I believe that the Cape Gazette should have mentioned in its recent articles that a whistleblower report was prepared by employees/volunteers of Safe Haven. I also think the Safe Haven board should have mentioned this fact in their letter to the editor. The community deserves to know the truth.
The whistleblower report was written by brave people who care about animals. Some of them are employees who risked losing their jobs. There are many problems at Safe Haven identified in the whistleblower report, including descriptions of how specific animals suffered. The whistleblower report was given to a major donor, who was outraged and went to the board immediately to demand reform.
I have talked to the donor and read the whistleblower report. I arranged meetings between staff and the donor to discuss what has happened. I have refrained from publishing the whistleblower report on my blog at www.nokilldelaware.org because I truly do want Safe Haven to move forward and be successful for the sake of the animals. But the board needs to be honest and admit the report’s existence.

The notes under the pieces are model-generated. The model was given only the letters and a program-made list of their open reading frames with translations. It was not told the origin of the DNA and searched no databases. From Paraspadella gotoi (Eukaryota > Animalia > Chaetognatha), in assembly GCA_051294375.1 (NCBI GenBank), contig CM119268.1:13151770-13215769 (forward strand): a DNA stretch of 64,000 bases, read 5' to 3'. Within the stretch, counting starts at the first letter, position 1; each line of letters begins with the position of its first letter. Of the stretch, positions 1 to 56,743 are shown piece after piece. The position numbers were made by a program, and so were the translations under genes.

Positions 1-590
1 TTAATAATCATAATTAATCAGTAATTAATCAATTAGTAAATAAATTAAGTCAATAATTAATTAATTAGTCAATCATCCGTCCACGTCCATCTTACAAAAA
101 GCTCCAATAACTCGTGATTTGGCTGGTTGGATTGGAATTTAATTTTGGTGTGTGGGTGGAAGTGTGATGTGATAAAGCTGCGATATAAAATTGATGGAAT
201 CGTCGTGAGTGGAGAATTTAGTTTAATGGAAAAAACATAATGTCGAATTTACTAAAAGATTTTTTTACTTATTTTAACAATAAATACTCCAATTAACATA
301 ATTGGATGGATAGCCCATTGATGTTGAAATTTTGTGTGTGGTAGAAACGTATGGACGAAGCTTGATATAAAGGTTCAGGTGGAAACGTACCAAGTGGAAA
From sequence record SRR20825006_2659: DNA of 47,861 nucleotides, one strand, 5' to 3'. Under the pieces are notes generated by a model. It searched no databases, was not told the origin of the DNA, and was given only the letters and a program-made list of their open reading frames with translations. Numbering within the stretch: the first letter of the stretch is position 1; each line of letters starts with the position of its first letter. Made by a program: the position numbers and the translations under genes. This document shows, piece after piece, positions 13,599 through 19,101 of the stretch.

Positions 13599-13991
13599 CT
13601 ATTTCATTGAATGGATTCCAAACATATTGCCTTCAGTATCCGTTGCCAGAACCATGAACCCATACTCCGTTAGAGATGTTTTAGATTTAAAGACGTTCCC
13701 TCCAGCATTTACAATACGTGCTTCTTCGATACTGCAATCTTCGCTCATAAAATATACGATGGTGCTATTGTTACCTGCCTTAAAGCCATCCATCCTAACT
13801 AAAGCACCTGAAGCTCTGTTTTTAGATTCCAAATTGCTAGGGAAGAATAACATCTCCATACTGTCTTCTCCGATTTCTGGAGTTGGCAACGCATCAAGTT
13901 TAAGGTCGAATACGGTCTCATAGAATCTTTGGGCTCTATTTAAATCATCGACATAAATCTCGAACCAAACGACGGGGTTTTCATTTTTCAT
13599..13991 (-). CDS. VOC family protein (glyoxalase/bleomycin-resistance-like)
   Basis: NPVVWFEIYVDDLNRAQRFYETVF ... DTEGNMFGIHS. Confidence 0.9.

The biggest problem at Safe Haven has been the failure to get enough dogs adopted. The new building is full with about 100 dogs, and there are about 100 dogs boarded at private kennels, according to the whistleblower report. It is good that board is going to “move aggressively to increase adoptions and fosters, including increasing hours open to the public.” A no-kill shelter must get dogs fostered and adopted quickly, especially if it has a dog-control contract, as Safe Haven does. The failure to get enough dogs adopted has caused serious problems at Safe Haven.